Has there been any progress with Pharmacare?
In 1964, the Royal Commission on Health Services, or “Hall Commission,” named after Supreme Court Justice Emmett Hall, produced recommendations for a universal, public Pharmacare program for Canada, following Canada’s introduction of Medicare. Justice Hall argued that access to necessary medicines should be introduced as an additional benefit of the public health services program in Canada. The Hall Commission called for the federal and provincial governments to collaborate, compiling a list, or formulary, of medicines based on their clinical and economic value that would be made available to Canadians as part of a publicly-administered program.
In 1997, the National Forum on Health, an expert panel chaired by Prime Minister Jean Chrétien, recommended a universal, publicly-administered drug benefit program to promote access to necessary medications and to control costs of prescription medications. The National Forum similarly recommended that provinces include in their universal, publicly-administered drug plans necessary medications that have been shown to be both clinically and cost effective. The National Forum added the recommendation that such a program would only impose user fees on products that are not the most cost effective treatment options. For example, users pay a fee when more expensive brand name drugs are used rather than the less expensive, but equally effective generic drugs.
In 2002, the Commission on the Future of Health Care in Canada, or the Romanow Report, named after past premier of Saskatchewan Roy Romanow, followed suit and recommended that Canada’s federal and provincial governments collaborate to integrate medically necessary prescription medications within the already-existing Medicare program. The Romanow Report added that including “catastrophic” drug coverage would promote the objective of bringing prescription drugs under the Canada Health Act.
In November 2012, the Canadian Association for Health Services and Policy Research (CAHSPR)
held a conference, “Ten Years Since the Romanow Report: Retrospect…and Prospect,” which highlighted stagnation in progress in the area of access to necessary medicines for Canadians, despite our universal Medicare system. This conference noted the complexities of Canadians’ health needs, Canada’s multijurisdictional system, and the gap in addressing the social and economic determinants of health. Roy Romanow, speaking at this conference, heeded that:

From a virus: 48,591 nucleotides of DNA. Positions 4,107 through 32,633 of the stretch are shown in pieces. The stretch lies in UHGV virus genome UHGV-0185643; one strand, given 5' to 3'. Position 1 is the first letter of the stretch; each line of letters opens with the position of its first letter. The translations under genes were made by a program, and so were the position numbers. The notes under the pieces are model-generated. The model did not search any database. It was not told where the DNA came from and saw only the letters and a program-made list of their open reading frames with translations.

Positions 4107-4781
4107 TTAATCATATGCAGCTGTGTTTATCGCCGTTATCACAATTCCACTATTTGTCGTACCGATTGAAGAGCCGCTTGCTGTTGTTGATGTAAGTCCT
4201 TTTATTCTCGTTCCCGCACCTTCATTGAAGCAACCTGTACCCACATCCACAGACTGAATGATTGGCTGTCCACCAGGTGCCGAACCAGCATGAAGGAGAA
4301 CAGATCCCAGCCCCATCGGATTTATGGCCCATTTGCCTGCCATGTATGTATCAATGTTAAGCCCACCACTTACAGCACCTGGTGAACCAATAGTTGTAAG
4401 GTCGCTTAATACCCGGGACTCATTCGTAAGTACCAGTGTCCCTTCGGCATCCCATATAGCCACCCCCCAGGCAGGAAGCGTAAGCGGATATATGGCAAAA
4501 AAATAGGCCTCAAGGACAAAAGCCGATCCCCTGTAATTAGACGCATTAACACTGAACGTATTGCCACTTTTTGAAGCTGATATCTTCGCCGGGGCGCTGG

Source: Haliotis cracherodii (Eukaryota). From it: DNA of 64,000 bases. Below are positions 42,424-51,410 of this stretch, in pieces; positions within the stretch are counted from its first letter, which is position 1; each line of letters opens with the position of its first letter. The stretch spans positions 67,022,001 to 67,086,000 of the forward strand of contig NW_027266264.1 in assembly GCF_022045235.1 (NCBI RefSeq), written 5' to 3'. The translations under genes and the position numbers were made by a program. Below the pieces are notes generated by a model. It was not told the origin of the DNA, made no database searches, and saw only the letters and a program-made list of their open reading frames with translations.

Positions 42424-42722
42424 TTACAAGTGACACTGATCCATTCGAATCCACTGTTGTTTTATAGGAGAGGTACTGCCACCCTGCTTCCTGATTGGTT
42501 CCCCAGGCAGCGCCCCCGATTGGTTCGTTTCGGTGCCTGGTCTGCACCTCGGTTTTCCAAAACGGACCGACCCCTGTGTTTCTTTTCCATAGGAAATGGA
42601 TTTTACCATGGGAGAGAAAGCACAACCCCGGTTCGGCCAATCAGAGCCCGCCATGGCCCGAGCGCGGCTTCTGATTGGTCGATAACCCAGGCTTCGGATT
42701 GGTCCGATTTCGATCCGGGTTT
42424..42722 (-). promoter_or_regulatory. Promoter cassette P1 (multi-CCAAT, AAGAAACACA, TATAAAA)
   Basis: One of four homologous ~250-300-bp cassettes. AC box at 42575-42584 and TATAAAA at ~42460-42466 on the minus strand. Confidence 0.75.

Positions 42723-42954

“Equity trumps income. Access to health care should be based on need and the same level and quality of care should be available to all. Values matter…Respect matters. Public support for health care is not given freely. It is given in exchange for the commitment that the system will be there…when they need it. [And] evidence matters. We cannot build and sustain a durable, effective, and responsive health care system on guesses and unproven assumptions.”
In early 2013, health policy and services experts from across the country gathered in Vancouver for the “Pharmacare 2020: Envisioning Canada’s Future” conference on equal and affordable access to necessary prescription medications for all Canadians. The conference fostered collaboration and discussion between medical practitioners, researchers, policy makers, patient advocacy groups, not-for-profit research organizations, and industry representatives on pricing, patenting, availability, coverage challenges, potential roles of private insurance, and visions for Pharmacare.
Currently in Canada, there is a patchwork of public and private drug plans. Through this melange of plans, twenty-four percent of Canadians have no drug coverage and eight percent do not use prescription drugs as prescribed because of the high cost. Both families and individuals who are precariously employed or working low wage jobs have limited access to prescription medications. When people do not take their medications as prescribed, the healthcare system incurs greater costs. Because of inconsistent use, people end up in emergency rooms and doctors’ offices when their conditions worsen.
Lack of access to prescription medications disproportionately affects the low-income population. In 2014, people in the lowest income quintile, or the poorest one-fifth of Canadian households, spent twice as much out-of-pocket on prescription drugs per year: $645 vs. $300, respectively. Furthermore, research indicates that prescription costs can play a role in bankruptcies. A study on Canadians who filed for bankruptcy between 2008 and 2010 found that seventy-four and a half percent of respondents who had a medical bill within the last two year reported that prescription costs were their biggest medical expenses.